The big kahuna of MMORPGs is the U.S.-based World of Warcraft, the most successful such game of all time. WoW, as it’s commonly referred to, boasts 11 million users. And it’s been around since November of 2004… how’s that for longevity? Not only is it still attracting new players, it’s retaining most of the ones it already has.
Despite the fact that WoW is very Western in orientation, half (5.5 million) of the players are in Asia. That dwarfs participation among North Americans (2.5 million) and Europeans (2 million), and it’s a sure sign of where future growth lies.
Expenditure figures back that up. Chinese gamers spent a whopping $5 billion in 2009 on MMORPGs, while Americans only spent $3.8 billion. France, Germany, and the U.K. combined for less than 3/4 of a billion dollars.
And consider the mind-boggling rate at which the country’s citizens are hooking up. At the end of June 2009, there were 338 million Internet users in China. Just a year later, that number had rocketed to 420 million, a 25% increase, with 87% of them enjoying broadband connections. In other words, China has 17% more broadband users than the U.S. has people!
However, although China is booming economically and the Internet is obviously exploding, its citizens still lag the West in earning power. That’s had a couple of consequences.
For one thing, it means that the country is largely skipping over the console-based video games pioneered by the U.S. and Japan. Most homes can’t afford a Playstation, not to mention the pricey discs that go with it. The Internet, by contrast, is a bargain.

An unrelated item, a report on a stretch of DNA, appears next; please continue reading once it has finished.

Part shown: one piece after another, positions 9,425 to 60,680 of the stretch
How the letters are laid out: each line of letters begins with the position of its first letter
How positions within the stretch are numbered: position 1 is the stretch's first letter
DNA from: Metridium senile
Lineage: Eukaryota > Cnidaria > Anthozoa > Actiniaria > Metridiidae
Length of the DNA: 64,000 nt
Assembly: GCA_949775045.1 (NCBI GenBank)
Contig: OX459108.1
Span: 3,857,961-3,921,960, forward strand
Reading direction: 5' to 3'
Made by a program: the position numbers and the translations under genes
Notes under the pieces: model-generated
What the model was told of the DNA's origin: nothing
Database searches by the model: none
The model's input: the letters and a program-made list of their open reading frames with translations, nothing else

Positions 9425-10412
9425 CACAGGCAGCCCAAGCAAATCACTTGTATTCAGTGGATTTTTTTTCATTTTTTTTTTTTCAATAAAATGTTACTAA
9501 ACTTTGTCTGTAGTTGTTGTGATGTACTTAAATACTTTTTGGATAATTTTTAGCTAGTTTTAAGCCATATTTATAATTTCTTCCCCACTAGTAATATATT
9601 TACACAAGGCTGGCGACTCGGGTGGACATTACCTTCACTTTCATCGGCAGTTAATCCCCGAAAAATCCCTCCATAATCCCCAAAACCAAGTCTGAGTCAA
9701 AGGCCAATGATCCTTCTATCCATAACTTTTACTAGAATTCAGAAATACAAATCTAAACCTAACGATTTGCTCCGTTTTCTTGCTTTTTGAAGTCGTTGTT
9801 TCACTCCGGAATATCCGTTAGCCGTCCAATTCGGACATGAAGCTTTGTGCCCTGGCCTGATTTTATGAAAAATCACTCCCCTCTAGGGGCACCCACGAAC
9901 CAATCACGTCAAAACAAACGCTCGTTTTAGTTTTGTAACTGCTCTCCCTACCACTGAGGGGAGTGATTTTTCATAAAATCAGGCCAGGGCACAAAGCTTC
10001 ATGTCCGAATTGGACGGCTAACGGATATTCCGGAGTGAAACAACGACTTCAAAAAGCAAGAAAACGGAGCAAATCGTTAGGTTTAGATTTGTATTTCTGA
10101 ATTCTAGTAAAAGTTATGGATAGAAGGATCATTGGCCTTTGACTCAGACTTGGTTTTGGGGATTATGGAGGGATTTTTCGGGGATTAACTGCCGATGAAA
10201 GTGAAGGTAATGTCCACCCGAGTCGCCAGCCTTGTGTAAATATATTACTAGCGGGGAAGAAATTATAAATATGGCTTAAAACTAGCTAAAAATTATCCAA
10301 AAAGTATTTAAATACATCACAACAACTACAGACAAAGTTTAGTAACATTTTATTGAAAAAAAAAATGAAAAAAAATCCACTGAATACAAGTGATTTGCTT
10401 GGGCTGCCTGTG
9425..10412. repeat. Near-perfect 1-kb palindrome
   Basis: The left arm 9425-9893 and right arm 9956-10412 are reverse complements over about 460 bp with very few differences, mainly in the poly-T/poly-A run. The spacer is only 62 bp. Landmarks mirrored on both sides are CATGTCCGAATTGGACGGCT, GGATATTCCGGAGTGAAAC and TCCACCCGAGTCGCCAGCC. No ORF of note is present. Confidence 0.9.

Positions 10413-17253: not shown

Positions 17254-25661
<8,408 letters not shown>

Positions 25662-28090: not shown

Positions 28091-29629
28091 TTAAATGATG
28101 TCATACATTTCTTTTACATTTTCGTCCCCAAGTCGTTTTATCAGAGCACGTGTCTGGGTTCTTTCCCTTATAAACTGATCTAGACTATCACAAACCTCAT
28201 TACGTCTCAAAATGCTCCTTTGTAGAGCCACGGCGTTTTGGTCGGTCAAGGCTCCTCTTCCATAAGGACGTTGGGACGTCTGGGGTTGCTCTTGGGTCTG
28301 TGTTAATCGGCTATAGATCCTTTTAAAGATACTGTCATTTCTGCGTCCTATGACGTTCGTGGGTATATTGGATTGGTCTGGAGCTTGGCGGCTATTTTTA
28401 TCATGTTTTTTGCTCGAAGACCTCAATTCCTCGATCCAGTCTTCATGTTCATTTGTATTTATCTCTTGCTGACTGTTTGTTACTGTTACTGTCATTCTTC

For another, it has forced Chinese companies to the forefront of free-to-play game development.
Most American games employ a subscription-based business model. WoW players, for example, fork over fifteen bucks a month for access to that virtual world. Not much for a teen over here, but more of an investment in China. So most Chinese games are free-to-play. Meaning that you can play all you like for nothing, while the company makes its money by selling relatively inexpensive enhancements (so-called microtransactions). Advertising is also emerging as a supplementary revenue generator.
Because free-to-play means there are no hard subscriber numbers, it’s difficult to determine how many gamers there are in China, and guesses vary widely. One 2009 survey pegged the number at 68 million, which is undoubtedly low today. On the other hand, Chinese website cnzz.com recently estimated that 2/3 of all Internet users play some form of online game at some time. That’d be 280 million, which is probably too high.
Wherever the truth lies, one thing is certain looking ahead: for hundreds of millions of people, MMORPGs are going to be the preferred form of home entertainment. And the trend is by no means confined to China alone. Chinese gaming companies are already extending their reach into other developing nations as yet untapped, such as Vietnam and Thailand.
This is one heck of a growth market, offering outstanding prospects for investor profit.
At Casey’s Extraordinary Technology, we are so confident of the potential of this sector that we’ve already tucked three gaming companies into our portfolio that are tapping into the massive Chinese market. Join us for a risk-free 3-month trial subscription with 100% money-back guarantee and profit from their rising popularity. Learn more here.